That’s a notion that screws up lots of people.
They get fixated on the mechanics of things. They think if you say the right thing over the right medium, then they’ve aced it. Job done.
But think about it for a second: you text message your daughter that you’ll pick her up after school. She texts back that she got the message and will be waiting at three o’clock.
Some people would be high-fiving at that point because the technical bits for effective communication are there: message, sent over medium, received and confirmed.
And then you don’t show up.
You get home and your daughter is pissed off at you. Communication problem, obviously.
So next day you call AND text the same message, which she dutifully confirms.
And you don’t show up again so she has to walk.
You can see the problem: the action of picking up your daughter confirms that you meant what you texted.
Not picking her up sends the message that you didn’t mean what you promised. It’s really another way of looking at that famous old Danny Williams quote about unkept promises: there’s no greater fraud.
Bear that in mind as you check out this CBC story about Premier Kathy Dunderdale and public disclosure of leadership campaign donations for political parties in Newfoundland and Labrador.
"I don't have a problem with full disclosure ... Certainly it's something we can look at, … I don't have any difficulty with the people of the province knowing the sources of the funding for political parties — no, no problem."Something we can have a look at. Not a ringing endorsement or any serious commitment but, you get the idea Kathy Dunderdale likes the idea. In the Telegram account of the same scrum, Dunderdale talks about how the Conservatives have spending caps and reporting requirements in the party constitution.
It all sounds marvellous. Kathy had a message and communicated it in English. Her communications people could even have cracked open a cold one to celebrate.
Where Kathy falls down is in the action that would give that statement some meaning you could have faith in. You see, back in 2003, Kathy Dunderdale and her colleagues didn’t just say that campaign finance reform was something they’d think about. It wasn’t something they’d have to study a bit, to ponder.
They solemnly promised to do it.
They have had a whole decade in power to deliver.
They did nothing.
So Kathy Dunderdale’s positive statements about campaign expense disclosure don’t just ring hollow, they gong the truth across the land.
What’s more, Dunderdale talked up her own party’s constitution. She neglected to note that the past two Conservative leaderships were the result of back-room deals to avoid an actual contest. So pledges to report expenses - as the party constitution says - mean nothing at all if the whole process is rigged, thereby avoiding the rules on disclosure.
Then, of course, there is the fact that the requirements in the Conservative constitution only require reporting inside the party, not to the people of the province.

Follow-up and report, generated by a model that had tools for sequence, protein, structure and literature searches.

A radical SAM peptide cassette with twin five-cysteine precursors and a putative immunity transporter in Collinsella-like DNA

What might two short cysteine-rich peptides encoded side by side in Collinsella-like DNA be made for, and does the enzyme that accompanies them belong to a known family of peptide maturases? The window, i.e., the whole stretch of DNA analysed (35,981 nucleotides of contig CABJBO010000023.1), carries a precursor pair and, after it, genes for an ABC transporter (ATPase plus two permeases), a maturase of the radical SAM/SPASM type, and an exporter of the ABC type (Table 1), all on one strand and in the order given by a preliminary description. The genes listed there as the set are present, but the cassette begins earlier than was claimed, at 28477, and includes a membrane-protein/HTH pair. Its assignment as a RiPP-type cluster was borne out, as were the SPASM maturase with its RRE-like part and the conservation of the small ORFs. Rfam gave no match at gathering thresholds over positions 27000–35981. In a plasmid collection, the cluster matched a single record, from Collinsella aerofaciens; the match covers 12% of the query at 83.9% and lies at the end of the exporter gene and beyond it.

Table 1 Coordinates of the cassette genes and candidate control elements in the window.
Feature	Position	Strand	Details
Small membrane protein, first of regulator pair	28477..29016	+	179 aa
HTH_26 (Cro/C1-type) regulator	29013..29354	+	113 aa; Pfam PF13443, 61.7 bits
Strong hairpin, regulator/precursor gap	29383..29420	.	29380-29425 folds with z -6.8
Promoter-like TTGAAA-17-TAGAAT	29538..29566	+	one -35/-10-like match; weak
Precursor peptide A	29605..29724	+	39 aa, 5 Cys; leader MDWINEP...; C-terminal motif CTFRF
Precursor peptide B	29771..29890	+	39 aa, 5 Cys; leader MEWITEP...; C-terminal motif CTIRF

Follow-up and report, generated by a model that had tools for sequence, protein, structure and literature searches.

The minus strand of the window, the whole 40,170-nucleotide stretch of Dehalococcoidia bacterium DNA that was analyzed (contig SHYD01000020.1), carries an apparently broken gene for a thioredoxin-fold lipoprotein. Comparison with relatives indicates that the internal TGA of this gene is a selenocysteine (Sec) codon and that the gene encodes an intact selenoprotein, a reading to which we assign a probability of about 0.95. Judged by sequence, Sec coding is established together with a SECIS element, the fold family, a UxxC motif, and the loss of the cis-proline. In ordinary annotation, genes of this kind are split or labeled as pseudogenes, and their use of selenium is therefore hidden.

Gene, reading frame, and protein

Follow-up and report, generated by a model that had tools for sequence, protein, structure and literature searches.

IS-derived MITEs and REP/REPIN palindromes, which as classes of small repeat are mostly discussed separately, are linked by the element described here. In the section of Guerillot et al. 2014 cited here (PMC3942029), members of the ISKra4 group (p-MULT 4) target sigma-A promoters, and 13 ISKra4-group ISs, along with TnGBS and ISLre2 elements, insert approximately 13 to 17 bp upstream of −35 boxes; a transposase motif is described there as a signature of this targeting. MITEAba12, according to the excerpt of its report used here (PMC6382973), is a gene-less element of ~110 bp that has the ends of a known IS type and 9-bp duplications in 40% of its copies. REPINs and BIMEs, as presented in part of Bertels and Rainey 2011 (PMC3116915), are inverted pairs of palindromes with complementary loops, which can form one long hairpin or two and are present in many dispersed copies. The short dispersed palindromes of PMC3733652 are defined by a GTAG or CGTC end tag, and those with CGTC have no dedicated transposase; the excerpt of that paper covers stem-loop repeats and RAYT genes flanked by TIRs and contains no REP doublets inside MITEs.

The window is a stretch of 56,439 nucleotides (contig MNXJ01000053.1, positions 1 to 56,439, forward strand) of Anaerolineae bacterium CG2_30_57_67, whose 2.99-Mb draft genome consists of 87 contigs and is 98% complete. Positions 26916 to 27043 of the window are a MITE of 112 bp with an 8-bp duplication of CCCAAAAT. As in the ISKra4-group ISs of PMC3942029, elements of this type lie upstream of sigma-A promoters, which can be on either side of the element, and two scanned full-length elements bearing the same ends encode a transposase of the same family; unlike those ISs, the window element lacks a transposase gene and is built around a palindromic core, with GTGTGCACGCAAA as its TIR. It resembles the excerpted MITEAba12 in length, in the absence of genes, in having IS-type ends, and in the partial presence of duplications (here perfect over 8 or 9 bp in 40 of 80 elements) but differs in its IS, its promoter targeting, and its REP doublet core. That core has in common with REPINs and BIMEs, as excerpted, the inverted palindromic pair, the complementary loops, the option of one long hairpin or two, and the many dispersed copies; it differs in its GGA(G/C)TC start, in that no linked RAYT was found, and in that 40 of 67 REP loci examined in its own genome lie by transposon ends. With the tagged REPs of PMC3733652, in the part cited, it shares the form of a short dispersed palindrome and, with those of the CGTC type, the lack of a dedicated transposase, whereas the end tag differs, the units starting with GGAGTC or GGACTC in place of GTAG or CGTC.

Actions and words go together. When they don’t, there’s a credibility problem. There’s a sincerity problem.
It’s like another quote that turned up at the end of the CBC story. During her speech to the people at a $500 a plate Conservative fund-raiser, Dunderdale told the audience that when “you start running government like you're running a popularity contest, which we did far too long in this province, and sometimes far too long in this country, then we get our people in trouble."
What she said is true. The provincial government is in a financial mess due to the Conservatives’ admitted financial mismanagement. They overspent as part of their deliberate efforts to manipulate public opinion polls. All along they have insisted they were good stewards of the public trust, that things were in good shape.
As Kathy Dunderdale herself admitted in 2011 and again in 2012, that’s not true. The people of Newfoundland and Labrador are in serious trouble not because of what the Conservatives said, but what they did. They said that they were being responsible. They did something else.
But now Kathy Dunderdale doesn’t believe in polls. She is just doing what is right.
We believe that.
Now that the Conservatives are not popular, that’s her line. Back when the Conservatives were popular, Kathy loved polls. Her grins in every interview told you so. Conservatives would tell anyone who listened that the polling numbers were high because people agreed with what the government was doing. We are popular because we are right, they’d say and right because we are popular.
But, as we all know now, the Conservatives spent huge amounts of time and considerable amounts of public money manipulating poll results.
A decade of inaction on campaign finance reform makes you doubt the sincerity of Kathy Dunderdale’s commitment to reforms. A decade of action to manipulate polls pretty convincingly demolishes the credibility of Kathy Dunderdale’s claim that she doesn’t think polls matter.
The connection between words and actions is so obvious that you can only be amazed when people don’t seem to understand that actions always speak louder than words.